King Alexander I had one illegitimate son by an unknown mistress:

a) MALCOLM ([1105/15]-after 1158). Orderic Vitalis names Malcolm as bastard son of King Alexander[321]. Robert of Torigny records that "Aragois comes Morefie cum Melcolmo notho filio Alexandri fratri regis David" invaded Scotland in 1130[322]. Malcolm fought two battles challenging his uncle David for the crown of Scotland. He was captured in 1134, imprisoned in Roxburgh castle until 1158[323]. same person as …? MALCOLM MacHeth (-23 Oct 1168[324]). Duncan suggests that Malcolm, son of King Alexander I, and Malcolm MacHeth were two different persons, the latter being the son of "Aed" or "Heth" who witnessed two charters in the early years of the reign of King David I[325]. He was reconciled with King Malcolm IV in 1157. Malcolm MacHeth was created Earl of Ross in 1162 or before[326].

- EARLS of ROSS.

7. ETHELRED (-before [1107], bur [St Andrew´s Church, Kilremont]). He is named, and his parentage given, by Roger of Hoveden, who lists him fifth of the sons[327]. The Chronicle of John of Fordun names "Edward, Edmund, Ethelred, Edgar, Alexander and…David" as the sons of King Malcolm and his wife, adding in a later passage that Ethelred "as some assert…lies buried in St Andrew´s church at Kilremont"[328]. Lay abbot of Dunkeld. "Edelradus…filius Malcolmi Regis Scotiæ Abbas de Dunkeldense et insuper Comes de Fyf" made donations to the Keledei of Loch Leven by undated charter, witnessed by "duo fratres Hedelradi…David et Alexander…Constantini comitis de Fyf et Nesse et Cormac filii Macbeath et Malnethte filii Beollani sacerdotum de Abyrnethyn et Mallebride alterius sacerdotis"[329].

8. EADGYTH (1079-1 Jun 1118).

Orderic Vitalis records that their mother sent Eadgyth and her sister Mary to be brought up by their maternal aunt Christina, nun at Romsey Abbey[330]. Florence of Worcester records the marriage of King Henry and "regis Scottorum Malcolmi et Margaretæ reginæ filiam Mahtildem" and her coronation as queen in a passage dealing with events in late 1100[331]. She adopted the name MATILDA on her marriage. Crowned Queen Consort of England 11 or 14 Nov 1100. The necrology of the abbey of Saint-Denis records the death "Kal Mai" of "Matildis Anglorum regina"[332]. The Continuator of Florence of Worcester records the death "Kal Mai " at Westminster of "Mahthildis regina Anglorum", and her burial at Westminster Abbey[333].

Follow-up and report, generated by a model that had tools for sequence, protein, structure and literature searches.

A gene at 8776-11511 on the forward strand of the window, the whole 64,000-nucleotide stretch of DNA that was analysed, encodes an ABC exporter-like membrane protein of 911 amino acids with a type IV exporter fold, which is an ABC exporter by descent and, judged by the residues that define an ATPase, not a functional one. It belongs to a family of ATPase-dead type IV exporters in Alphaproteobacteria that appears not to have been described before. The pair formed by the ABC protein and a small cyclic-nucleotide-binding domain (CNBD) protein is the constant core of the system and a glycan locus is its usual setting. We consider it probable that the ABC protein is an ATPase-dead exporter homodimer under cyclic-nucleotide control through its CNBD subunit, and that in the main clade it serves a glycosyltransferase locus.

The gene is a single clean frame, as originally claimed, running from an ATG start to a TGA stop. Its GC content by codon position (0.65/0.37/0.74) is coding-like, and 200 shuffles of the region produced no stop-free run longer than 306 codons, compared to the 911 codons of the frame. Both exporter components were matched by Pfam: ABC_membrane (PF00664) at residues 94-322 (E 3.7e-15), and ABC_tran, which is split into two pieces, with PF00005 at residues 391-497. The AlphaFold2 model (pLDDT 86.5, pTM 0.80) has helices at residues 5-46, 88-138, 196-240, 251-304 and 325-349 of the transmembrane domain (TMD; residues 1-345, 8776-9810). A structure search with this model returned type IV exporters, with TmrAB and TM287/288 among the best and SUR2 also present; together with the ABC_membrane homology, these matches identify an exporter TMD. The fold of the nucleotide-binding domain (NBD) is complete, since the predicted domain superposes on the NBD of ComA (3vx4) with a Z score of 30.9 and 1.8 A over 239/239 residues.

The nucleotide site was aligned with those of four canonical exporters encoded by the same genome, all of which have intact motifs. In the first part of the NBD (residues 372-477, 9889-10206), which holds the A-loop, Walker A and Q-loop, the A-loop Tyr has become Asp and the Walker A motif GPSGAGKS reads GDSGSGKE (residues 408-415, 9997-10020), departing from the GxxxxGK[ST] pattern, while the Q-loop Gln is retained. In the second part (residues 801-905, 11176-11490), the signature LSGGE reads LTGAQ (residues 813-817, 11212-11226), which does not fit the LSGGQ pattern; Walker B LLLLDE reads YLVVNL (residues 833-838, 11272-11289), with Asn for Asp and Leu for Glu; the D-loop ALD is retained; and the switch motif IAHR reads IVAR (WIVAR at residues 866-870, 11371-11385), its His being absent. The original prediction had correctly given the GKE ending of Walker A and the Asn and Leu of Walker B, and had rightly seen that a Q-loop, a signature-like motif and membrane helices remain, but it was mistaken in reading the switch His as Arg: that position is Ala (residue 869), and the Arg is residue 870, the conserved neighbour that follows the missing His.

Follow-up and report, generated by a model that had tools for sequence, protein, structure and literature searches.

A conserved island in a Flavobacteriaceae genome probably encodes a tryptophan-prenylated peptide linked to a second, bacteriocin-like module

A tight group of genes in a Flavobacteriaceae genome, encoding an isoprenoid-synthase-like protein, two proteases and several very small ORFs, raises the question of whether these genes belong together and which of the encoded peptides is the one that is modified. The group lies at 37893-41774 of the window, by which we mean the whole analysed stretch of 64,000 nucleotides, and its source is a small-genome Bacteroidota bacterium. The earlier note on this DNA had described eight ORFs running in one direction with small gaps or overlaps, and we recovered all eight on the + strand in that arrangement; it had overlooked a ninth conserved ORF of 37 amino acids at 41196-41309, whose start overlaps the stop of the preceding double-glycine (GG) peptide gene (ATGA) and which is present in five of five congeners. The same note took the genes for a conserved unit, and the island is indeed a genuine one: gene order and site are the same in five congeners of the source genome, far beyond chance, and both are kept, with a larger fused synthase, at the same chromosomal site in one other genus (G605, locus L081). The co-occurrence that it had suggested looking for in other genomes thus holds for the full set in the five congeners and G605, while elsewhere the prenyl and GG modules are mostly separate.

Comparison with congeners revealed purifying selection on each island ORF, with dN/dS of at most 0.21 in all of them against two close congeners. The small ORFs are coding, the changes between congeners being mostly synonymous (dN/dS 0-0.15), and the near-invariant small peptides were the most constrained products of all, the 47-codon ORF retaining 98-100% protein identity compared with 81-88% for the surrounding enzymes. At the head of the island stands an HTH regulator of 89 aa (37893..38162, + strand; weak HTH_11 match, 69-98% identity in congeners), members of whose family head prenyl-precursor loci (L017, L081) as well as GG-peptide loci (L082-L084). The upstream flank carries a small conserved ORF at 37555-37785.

m (11 Nov 1100) as his first wife, HENRY I "Beauclerc" King of England, son of WILLIAM I "the Conqueror" King of England & his wife Mathilde de Flandre (Selby, Yorkshire Sep 1068-Saint-Denis le Ferment, Forêt d’Angers near Rouen 1/2 Dec 1135, bur Reading Abbey, Berkshire).

9. DAVID ([1080]-Carlisle 24 May 1153, bur Dunfermline Abbey, Fife). He is named, and his parentage given, by Roger of Hoveden, who lists him sixth of the sons[334]. He succeeded his brother in 1124 as DAVID I King of Scotland.

- see below.

10. MARY (-31 May 1116 or 18 Apr 1118, bur Bermondsey Priory). Orderic Vitalis records that their mother sent Mary and her sister Eadgyth to be brought up by their maternal aunt Christina, nun at Romsey Abbey[335]. Florence of Worcester records that Henry I King of England arranged the marriage of "Mariam reginæ sororem" and "Eustatio Bononensium comiti" in [1102][336]. Her marriage is also recorded by Orderic Vitalis, who also names her daughter[337]. The Genealogica comitum Buloniensium records that "Eustachius, frater Balduini regis Iheruslame" married "Mariam filiam regis Scotiæ"[338]. The 12th century Cronica Regum Scottorum records the death "II Kal Jun" in 1116 of "Maria…comitissa" and her burial "apud Bermundseiam"[339]. The Chronicle of John of Fordun records that "Mary countess of Bouillon" died in "the third year before her sister´s death"[340].

m (1102) EUSTACHE [III] Comte de Boulogne, son of EUSTACHE [II] "Gernobadatus" Comte de Boulogne and Lens & his second wife Ida of Lotharingia (-after 1125).

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WIKIPEDIA (Eng)

Saint Margaret (c. 1045 – 16 November 1093), was the sister of Edgar Ætheling, the short-ruling and uncrowned Anglo-Saxon King of England. She married Malcolm III, King of Scots, becoming his Queen consort.

Early life